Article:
It was Saturday, four weeks since I’d seen Arnie. I dropped by the gym while he was working out. After we exchanged greetings, I quizzed him about his follow-up to my recommendations.
He’d used www.CalorieKing.com to work out his average daily calorie intake—2,350. Because the quantity of food he was having was typical of what he’d been eating for a good while—the individual foods had changed—and his bodyweight had been stable, we took 2,350 as his maintenance intake for his current activity level and bodyweight. (Yours is likely to be different).
Now that Arnie was training hard and in potential growth mode, he needed more calories and nutrients. I didn’t want him to increase his food excessively, though, because I didn’t want him to get so bulk-focused that he’d add more fat than muscle. Letting a little fat accompany a lot of muscle, however, is acceptable—perhaps even necessary for many bodybuilders.
While he’d added 300 or so calories to his daily diet, Arnie had to keep training hard and progressively in order to produce the stimulus for muscle growth. Without that stimulus, the extra calories would be stored as fat.
He’d added a little extra food to some of his meals and had a meal every three hours or so. He also had a pint of semiskim milk about 15 minutes after each workout, with a couple of spoonfuls of protein powder or skim-milk powder mixed into it. He takes the drink to the gym premixed in a thermos.
Following the dietary adjustments, Arnie had gained two pounds of bodyweight over four weeks, and his waist hadn’t increased. That was perfect.
Now that he was four months into the program, as I explained in the first installment of this series, I wanted to make some training adjustments, but I wasn’t going to mess with the overall format because it was working well.
I instructed him to reduce his reps to six on deadlifts, bench presses, pulldowns, dumbbell presses and incline curls. Three work sets of each exercise still made sense. He was still supposed to use the same weight for a given exercise for all three work sets and not rush between sets. The first set would still feel easier than the third. Only when he made all three work sets for the required reps for a given exercise would he be entitled, next time, to add the smallest weight increment the gym had.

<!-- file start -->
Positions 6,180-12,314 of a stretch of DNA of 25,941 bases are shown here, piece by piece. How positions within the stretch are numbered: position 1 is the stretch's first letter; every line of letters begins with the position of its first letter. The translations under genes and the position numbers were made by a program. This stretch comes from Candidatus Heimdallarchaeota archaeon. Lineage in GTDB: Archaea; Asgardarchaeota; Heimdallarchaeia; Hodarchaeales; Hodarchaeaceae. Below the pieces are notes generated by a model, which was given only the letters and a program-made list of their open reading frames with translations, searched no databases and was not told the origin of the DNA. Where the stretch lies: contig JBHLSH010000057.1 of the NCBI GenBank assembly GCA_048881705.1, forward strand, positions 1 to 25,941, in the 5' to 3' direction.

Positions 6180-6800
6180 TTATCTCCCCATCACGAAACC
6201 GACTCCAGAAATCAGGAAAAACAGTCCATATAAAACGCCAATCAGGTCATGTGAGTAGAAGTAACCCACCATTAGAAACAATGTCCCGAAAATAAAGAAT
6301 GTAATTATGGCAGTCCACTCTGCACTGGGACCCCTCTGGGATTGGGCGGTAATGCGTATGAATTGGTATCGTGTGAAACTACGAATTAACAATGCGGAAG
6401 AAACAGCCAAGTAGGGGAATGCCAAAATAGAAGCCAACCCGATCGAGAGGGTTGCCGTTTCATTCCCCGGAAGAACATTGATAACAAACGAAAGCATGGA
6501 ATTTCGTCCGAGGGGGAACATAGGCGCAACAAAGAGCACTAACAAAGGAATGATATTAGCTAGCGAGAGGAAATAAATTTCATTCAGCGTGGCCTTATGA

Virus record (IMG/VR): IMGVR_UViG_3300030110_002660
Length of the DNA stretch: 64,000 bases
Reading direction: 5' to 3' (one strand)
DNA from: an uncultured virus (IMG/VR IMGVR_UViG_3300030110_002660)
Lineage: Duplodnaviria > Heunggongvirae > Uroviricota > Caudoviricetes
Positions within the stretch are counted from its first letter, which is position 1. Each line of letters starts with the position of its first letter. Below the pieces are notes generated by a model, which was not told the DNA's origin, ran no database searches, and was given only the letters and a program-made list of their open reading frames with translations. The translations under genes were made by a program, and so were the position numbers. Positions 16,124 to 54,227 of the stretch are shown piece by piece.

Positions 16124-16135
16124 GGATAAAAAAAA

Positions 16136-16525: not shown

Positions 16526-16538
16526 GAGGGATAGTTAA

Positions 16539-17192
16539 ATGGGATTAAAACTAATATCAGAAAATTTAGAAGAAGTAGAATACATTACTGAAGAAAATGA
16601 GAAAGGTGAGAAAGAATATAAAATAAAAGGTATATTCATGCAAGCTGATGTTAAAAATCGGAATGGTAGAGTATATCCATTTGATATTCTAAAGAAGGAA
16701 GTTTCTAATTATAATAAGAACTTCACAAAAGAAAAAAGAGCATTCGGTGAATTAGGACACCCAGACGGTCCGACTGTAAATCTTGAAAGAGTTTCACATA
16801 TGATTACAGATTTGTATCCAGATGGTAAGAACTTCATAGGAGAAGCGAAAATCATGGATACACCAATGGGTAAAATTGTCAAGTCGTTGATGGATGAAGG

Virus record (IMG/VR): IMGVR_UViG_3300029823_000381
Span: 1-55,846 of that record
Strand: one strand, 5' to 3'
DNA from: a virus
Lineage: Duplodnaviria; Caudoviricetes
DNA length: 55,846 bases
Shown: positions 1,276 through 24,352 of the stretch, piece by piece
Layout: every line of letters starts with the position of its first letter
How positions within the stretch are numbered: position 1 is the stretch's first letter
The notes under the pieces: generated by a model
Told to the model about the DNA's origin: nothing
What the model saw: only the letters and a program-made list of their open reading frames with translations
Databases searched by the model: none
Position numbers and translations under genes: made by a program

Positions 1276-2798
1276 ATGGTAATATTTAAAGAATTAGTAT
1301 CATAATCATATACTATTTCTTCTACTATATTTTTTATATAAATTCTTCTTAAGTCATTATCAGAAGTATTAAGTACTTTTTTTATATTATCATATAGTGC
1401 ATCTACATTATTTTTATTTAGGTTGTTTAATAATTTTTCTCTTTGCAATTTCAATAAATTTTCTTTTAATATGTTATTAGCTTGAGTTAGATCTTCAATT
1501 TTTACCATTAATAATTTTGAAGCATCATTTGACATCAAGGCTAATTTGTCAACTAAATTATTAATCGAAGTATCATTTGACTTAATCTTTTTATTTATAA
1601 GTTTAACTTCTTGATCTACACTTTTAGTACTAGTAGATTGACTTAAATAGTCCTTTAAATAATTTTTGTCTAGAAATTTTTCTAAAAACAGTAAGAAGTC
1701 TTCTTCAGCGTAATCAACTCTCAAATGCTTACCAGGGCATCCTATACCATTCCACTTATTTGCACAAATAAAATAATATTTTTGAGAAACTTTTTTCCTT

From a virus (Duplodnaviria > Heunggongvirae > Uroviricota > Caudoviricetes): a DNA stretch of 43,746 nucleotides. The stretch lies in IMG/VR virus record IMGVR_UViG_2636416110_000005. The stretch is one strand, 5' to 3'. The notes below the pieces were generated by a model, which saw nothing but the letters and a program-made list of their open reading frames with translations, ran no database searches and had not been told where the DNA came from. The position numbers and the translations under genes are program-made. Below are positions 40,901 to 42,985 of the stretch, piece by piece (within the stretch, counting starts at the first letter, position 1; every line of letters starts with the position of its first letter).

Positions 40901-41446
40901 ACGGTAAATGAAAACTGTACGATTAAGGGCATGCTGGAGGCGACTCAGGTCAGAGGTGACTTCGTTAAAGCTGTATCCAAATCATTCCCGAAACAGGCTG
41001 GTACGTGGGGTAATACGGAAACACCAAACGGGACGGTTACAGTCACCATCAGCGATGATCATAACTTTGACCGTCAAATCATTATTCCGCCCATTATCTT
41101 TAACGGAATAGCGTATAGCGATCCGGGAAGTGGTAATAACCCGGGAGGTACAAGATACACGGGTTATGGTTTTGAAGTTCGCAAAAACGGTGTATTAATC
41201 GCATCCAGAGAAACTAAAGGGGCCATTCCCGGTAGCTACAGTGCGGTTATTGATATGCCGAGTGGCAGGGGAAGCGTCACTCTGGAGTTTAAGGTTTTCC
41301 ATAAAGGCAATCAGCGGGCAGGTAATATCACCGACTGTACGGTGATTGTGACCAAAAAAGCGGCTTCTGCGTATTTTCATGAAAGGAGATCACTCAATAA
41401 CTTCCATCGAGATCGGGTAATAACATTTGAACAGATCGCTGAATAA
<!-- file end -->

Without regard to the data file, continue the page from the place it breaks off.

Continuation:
I’d brought Arnie his own little gems—two pairs of half-kilo plates and two pairs of quarter-kilo plates—with his name engraved on them. Where he trains, 1 1/4-kilo and
2 1/2-pound plates are the lightest but are not light enough. The microweight plates I got him would enable Arnie to make poundage progression one nudge at a time.
He was keeping a training log and continued to stretch after each workout for 15 minutes, but he still wasn’t doing any cardio.
I now moved Arnie up to barbell squats. He’d continue with the leg press at his Saturday workout, but on Tuesday he’d squat rather than leg-press. Arnie’s body structure is suited to the barbell squat. For bodybuilders whose legs are long relative to their torsos, the barbell squat isn’t recommended. The leg press is a safer, more productive exercise for them, as is—usually—the parallel-grip deadlift.
On the Saturday before Arnie’s first squat session, I came by to teach him the basics. I had him do some squats without any weight. He showed me the sort of technique he’d seen at the gym—his feet were closer than hip width and parallel to each other. As a consequence, his form was cramped and awkward, and he wasn’t stable on his feet.
I got him to widen his stance to about hip width and flare his feet. He tinkered with the width and the flare until he got a combination that felt comfortable and natural for him, and that easily kept his feet flat on the floor and stable. He now had the space to squat into, and he immediately looked like a decent squatter. He leaned forward as he squatted—as everyone must on the barbell squat—but not excessively. His back easily stayed slightly arched even at the bottom position, where his upper thighs were parallel to the floor.
Arnie then went into the squat rack. I had him place an empty 20-kilo bar on the contracted muscle immediately above his shoulder blades. Then, while keeping his lower back slightly arched and the muscles in his entire back contracted, he shuffled backward from the bar holders and adopted the correct stance that he had discovered while doing the freehand squat.
I had him use a controlled rep speed—no faster than two seconds down and another two seconds up. He paid special attention to keeping his chest puffed out as he rose from the bottom position. I stressed that his hips must never rise faster than his shoulders.
Arnie could descend deeper than to the parallel position, but that would flatten and then round his lower back. The parallel position would suit him perfectly.
He would squat on Tuesdays instead of the leg press but take it easy at first in order to get into the groove of correct technique. His Saturday leg pressing would remain his only demanding thigh exercise for the time being. It would be more than two months before the squat would become taxing.
Beginner’s Bliss continued to work its magic, and Arnie was further on his way to becoming big.
Editor’s note: Stuart McRobert’s first byline in IRON MAN appeared in 1981. He’s the author of the new 638-page opus on bodybuilding Build Muscle, Lose Fat, Look Great, available from Home Gym Warehouse (800) 447-0008 or www.Home-Gym.com.